Staying powerJim GilesReed Business Information - UK
Saving renewable energy with air
If renewable energy is to succeed, we need to find a better way to store it. Air batteries could help, says Jim Giles
IT HAS been an unusually cool day in the flatlands of western Texas. As evening rises over the sprawling wind farm, the temperature continues to drop, and with it the wind. Far above, the blade of a towering turbine glides slowly to a halt. A few hours ago, these turbines were churning sufficient electricity into the grid to rival two nuclear power plants, enough to keep the lights on in 5?per cent of Texas. The state's power managers knew a drop was coming, but the speed has taken everyone by surprise.
The timing could not be worse. All across the state, people are coming home from work, flicking on lights, TVs and kettles. The power authority declares an emergency. Engineers request 30 megawatts of emergency power from Mexico. Supply to large industrial users is cut for more than an hour. It takes three hours before the system is finally stabilised.
This isn't a good day for renewable energy and it illustrates one reason why even modest targets consistently go unmet all around the world. In 2009, intermittent renewables accounted for a paltry 3.3 per cent of world energy generation. Wind, sun and wave are simply too fickle to be counted on. But that may be about to change?- and salvation could literally come out of thin air.
It's not that we don't have enough energy sources. Indeed, every minute, enough solar radiation hits Earth to meet global energy needs for a year. Wind could also single-handedly take care of the entire world's demands, according to research published last year at Stanford University in California (PNAS, vol 109, p 15679). The reason it doesn't is down in part to the mismatch between when the energy can be obtained and when we can use it. Grid operators have to use back-up power stations, which forces up the cost of renewables. That's part of the reason why last year, renewable sources accounted for only 9.4 per cent of the electricity generated in the UK and 13 per cent of electricity in the US?- well short of previous targets (see diagram, page 30).
It might seem obvious that the answer is to store the extra power when supply is high and demand is low and to tap it when the opposite is true. Indeed, the conventional power industry has done this for decades, particularly to salvage extra energy produced by nuclear power stations, which are too expensive to shut down when demand dips. One method is called pumped storage. At the Dinorwig power station in the UK, for example, water is pumped up into a reservoir on top of the Elidir Fawr mountain during periods of low demand. When energy demand spikes, the water is released down the mountain to drive turbines that feed the electricity grid. It's an extraordinary engineering achievement, housed in 16?kilometres of tunnels threaded through the mountain and capable of supplying 1300?megawatts in 12 seconds.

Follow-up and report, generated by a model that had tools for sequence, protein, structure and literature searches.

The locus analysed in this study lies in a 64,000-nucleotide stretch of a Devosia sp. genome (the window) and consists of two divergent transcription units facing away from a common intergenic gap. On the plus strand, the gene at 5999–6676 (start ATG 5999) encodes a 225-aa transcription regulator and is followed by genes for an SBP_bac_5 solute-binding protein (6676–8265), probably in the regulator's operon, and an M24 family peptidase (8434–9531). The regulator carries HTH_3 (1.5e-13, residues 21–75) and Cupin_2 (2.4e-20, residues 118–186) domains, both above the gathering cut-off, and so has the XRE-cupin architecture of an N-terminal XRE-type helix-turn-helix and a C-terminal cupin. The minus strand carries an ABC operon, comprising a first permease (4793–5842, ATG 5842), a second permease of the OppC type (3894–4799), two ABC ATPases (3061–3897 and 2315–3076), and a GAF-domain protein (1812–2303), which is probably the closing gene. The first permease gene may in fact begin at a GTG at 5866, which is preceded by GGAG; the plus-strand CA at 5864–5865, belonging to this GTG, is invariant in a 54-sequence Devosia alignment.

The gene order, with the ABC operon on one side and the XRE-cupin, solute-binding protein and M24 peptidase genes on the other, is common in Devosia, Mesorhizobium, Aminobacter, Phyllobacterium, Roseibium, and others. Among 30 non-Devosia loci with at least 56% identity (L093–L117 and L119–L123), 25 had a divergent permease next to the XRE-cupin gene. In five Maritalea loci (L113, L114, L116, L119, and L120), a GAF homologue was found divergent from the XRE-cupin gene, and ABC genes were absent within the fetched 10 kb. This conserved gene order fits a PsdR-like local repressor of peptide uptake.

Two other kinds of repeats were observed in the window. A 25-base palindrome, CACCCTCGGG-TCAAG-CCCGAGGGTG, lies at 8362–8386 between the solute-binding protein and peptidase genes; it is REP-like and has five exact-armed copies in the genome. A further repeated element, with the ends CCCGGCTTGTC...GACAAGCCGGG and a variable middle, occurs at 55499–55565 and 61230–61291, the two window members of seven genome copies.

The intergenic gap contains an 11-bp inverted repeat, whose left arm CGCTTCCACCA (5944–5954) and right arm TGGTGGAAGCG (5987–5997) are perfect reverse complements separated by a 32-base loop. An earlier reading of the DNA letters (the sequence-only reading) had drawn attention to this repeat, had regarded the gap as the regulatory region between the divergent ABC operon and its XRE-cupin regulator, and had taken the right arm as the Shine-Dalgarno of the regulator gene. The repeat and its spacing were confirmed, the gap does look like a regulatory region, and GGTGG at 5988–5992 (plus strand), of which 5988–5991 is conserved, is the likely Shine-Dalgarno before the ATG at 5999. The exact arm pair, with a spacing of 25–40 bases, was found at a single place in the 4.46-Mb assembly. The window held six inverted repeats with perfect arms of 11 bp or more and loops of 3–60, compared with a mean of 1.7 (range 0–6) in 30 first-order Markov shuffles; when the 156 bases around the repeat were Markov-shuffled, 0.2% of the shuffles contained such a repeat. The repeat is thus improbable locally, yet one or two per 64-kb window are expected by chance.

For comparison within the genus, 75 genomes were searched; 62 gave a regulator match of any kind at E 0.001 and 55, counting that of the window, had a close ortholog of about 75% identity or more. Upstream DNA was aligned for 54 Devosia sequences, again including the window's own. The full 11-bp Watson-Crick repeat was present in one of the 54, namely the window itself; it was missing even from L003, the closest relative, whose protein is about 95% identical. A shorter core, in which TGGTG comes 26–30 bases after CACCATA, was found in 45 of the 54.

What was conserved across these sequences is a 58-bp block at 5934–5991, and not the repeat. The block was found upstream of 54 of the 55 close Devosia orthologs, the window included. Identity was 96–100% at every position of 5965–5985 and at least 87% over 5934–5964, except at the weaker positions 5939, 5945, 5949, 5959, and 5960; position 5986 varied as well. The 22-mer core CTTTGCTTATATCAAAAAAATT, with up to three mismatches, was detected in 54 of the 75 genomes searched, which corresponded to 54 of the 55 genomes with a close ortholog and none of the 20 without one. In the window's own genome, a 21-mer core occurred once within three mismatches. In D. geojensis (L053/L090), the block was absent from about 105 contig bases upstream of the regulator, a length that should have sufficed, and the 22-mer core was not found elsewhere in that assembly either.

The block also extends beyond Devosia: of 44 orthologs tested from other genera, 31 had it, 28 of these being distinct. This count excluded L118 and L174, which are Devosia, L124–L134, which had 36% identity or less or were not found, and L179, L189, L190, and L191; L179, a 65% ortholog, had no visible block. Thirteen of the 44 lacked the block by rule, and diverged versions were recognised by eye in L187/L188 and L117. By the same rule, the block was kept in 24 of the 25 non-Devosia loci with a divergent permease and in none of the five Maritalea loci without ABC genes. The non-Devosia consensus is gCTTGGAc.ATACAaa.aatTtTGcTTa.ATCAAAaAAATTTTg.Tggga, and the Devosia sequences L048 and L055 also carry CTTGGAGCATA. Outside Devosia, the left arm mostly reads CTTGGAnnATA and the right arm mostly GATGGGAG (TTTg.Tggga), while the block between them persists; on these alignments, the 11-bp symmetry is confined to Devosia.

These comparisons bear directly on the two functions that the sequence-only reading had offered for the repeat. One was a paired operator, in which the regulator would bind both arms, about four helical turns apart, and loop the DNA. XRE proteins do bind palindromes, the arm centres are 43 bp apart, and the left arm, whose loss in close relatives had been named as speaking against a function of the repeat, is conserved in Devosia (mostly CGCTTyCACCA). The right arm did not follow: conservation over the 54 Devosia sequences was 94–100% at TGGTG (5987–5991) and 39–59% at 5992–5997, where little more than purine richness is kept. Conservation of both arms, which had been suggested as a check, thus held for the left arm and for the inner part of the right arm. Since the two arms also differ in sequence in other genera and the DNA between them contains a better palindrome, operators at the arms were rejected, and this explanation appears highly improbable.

That power, speed and efficiency?- about 80?per cent?- is why pumped storage accounts for 99 per cent of the world's energy storage capacity. If every wind and solar farm had its own mountain reservoir, it might be possible to make wind energy a 24/7 resource.
In Ireland, a think tank called Spirit of Ireland is working on just such a project, a 3.6 billion undertaking that would use pumped storage to take full advantage of the country's copious supply of intermittent winds. "Wrong-time" energy from its large wind farms would drive seawater to a cliff-top reservoir.
But not every country can rely on pumped storage, which crucially depends on existing geographical features?- or a willingness to shoulder the cost of building a mountain. So the success of renewable energy will depend on easier storage methods.
Developing these, however, has been far from straightforward. Batteries might seem the obvious choice, but scaling them up for grid storage has proved tricky. The Laurel mountain wind farm in West Virginia uses lithium batteries housed in shipping-container-sized structures to mop up unwanted electricity during low demand and send 32 megawatts back into the grid at high demand. They are highly efficient and have a small footprint. But they have drawbacks. Not only do they use exotic materials such as rare earth elements, but lithium battery storage is at least 10 times as expensive as pumped storage over the lifetime of a plant, according to a 2010 analysis by the Electric Power Research Institute in Palo Alto, California.
Some plants have turned to air, such as a natural gas plant operated by E.ON Kraftwerke in Huntorf, Germany. Instead of using excess electrical energy to drive water up a hill, they use it to compress and store air in salt caverns about 500 metres below ground. When they need the energy once more, they release the air to drive a turbine. The problem with this method is its efficiency, which rarely exceeds 50 per cent. Pressurising air causes it to heat up, which carries away a lot of the original energy. Then, to expand the compressed air, it must be heated a second time, using up even more energy.
The heat problem is being addressed in Germany, where a 90-megawatt demonstration plant is planned to be operational by 2019. But that won't solve the problem that compressed air storage relies on the presence of limestone caverns, aquifers or salt caves.
However, air may yet hold the key to energy storage?- in liquid form. For the past two years, on a patch of land not much bigger than a basketball court in Slough, UK, a liquid air pilot storage plant has been quietly generating electricity using the excess energy from a neighbouring biomass plant. This tangle of gleaming white pipes and tanks has enough advantages over rival technologies to have been hailed as a critical part of our energy future. "This could save the UK billions," says Tim Fox, head of energy and environment at the Institution of Mechanical Engineers in London.
The plant combines existing technologies in a new way. The power station's excess energy is used to run a giant fridge that creates and stores liquid air. Wrong-time energy pulls ambient air out of the atmosphere and cools it to -196 C, a temperature at which both oxygen and nitrogen are liquid. Once liquefied, 700?litres of air can be compressed into 1 litre and stored in a tank. When the local grid needs a top-up, some of the liquid is exposed to ambient temperature and the resulting expansion packs enough punch to drive a turbine. Best of all, because nitrogen boils at -195.8 C, the process of returning it to ambient temperature requires very little energy.